If you read my column (which you should, although the fact that you are reading these words right now is somewhat indicative that you do), there is a small chance that you’ve thought to yourself “who is this mysterious womxn?” and “where else can I find their work?” This will likely have lead you to reading my bio and realizing (to your excitement/dismay) that I am a poet.
Something I don’t often talk about, mostly because it is pre-coming out and this feels to me like the life of a different person, is that I got my start in poetry doing slam. Now, that couldn’t be further from what I’m doing with my work, but then I was drawn in by the emotional intensity and spectacle slam offered.
Most of my idols when I first started were poets who used this platform to talk about social issues such as mental health, misogyny, racism, and toxic masculinity. One of these poets whose work really stuck with me as a late teen was Kyle “Guante” Tran Myhre. Particularly a well known piece of his “Ten Responses to the Phrase ‘Man Up.’”
In the last few weeks, this piece has been on my mind a lot. The phrase itself has weighed on me, what it means to me, what it has meant to me, what it means for a body trapped in the divide between “biological man” and “biological woman.” These thoughts have all kind of tumbled through me back to the source, Guante’s poem. So maybe this is somewhere between thought exercise and exorcism, my ten responses to the phrase man up:
- I was born a boy. There are not enough quotation marks or italics to properly convey what these words mean to me. But when you are told that you are a boy and this feels wrong, man begins to look like an exit sign. “Man up” is the break in case of emergencies sign, but in this metaphor I am the glass.
- On a Skype call with my partner and their grandpa we are talking about the phrase “she’s got big balls.” How this is to say that a woman can only be strong if she is like a man. If she mans up. If metaphor makes her body not her own. I tell them that I’ve taken to saying “they’ve got ovaries.” Everyone laughs. After we hang up, I think about how this connects strength with parts of a body that I can never own.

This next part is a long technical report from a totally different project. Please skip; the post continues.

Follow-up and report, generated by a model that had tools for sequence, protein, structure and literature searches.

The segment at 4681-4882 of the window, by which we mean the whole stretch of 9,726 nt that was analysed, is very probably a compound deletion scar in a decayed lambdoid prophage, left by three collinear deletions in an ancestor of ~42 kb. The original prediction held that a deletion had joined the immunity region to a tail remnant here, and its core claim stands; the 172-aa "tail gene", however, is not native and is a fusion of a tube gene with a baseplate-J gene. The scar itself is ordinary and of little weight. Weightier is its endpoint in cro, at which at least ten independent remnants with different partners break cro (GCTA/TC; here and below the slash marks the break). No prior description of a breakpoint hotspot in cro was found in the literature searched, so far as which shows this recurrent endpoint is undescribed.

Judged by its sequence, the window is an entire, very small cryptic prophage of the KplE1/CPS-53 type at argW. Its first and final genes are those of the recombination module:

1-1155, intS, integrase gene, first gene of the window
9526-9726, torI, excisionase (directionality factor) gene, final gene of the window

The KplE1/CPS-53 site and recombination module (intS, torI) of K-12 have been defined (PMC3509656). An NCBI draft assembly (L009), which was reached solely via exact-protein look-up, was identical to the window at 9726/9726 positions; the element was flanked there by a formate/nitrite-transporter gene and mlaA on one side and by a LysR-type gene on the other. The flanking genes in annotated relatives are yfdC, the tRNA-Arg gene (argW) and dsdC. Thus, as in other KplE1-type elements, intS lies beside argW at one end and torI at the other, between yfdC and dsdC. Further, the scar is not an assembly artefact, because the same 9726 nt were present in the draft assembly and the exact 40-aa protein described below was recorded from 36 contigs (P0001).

- I spent my childhood mapping a way into adulthood, thinking I could fit this skin. One of the worst lessons I ever learned is that sex was a way of growing up. Now, I am too much of a coward to out the girl who raped me. The other day I saw her wedding dress on Facebook and said nothing. After she was done, she told me that I was a man now.
- My roommate teaches me a new meaning to the phrase. Man Up (v.) for a trans womxn or femme who was assigned male at birth to present themself as a man for the sake of survival. I am wearing a little black dress when a man tries to run me down with his van on the corner of East 3rd. I’d walked this street a hundred times before coming out, in a city I used to call safe.
- The last time I attempted suicide was one week before coming out as trans. I always use a picture taken that night when I show people the before and after of my transition. In the picture I am wearing a suit and sporting a shaggy beard.
- Once, as a child, when my parents were separated, my aunts painted my nails before going to my father’s for the weekend. He and his girlfriend scraped my nails clean. When he dropped me off, he accused my mother of “trying to turn his son into a faggot.” The last time I painted my nails was the night I was arrested, and thrown into solitary confinement in a men’s jail. They called it protective custody. Told me they didn’t want to deal with the bad press if another inmate beat me to death. To this day, I’m still afraid to paint my nails.
- There’s a special section set aside at the far end of my closet. Two shirts, two pairs of slacks, a pair of shoes, one blazer. All men’s. Just in case.
- Being a man means never crying, never showing emotion. After six months on hormones I sob into a friend’s arms for the first time in years.
- Was my father manning up when he scrubbed the polish from my nails? Was that stranger manning up when he tried to run me down in the street? Or another stranger when he followed me at night shouting slurs? When will masculinity stop carrying a body count?
torrin a. greathouse (they/them or she/her) is a genderqueer, cripple-punk from Southern California. They are the Editor-in-Chief of Black Napkin Press. Their poetry is published/forthcoming in Duende, Apogee, Frontier, Lunch Ticket, & Assaracus. She is a 2016 Best New Poets, Bettering American Poetry, and Pushcart Prize nominee, and semifinalist for the Adroit Poetry Prize. torrin’s first chapbook, Therǝ is a Case That I Ɐm, is forthcoming from Damaged Goods Press in 2017.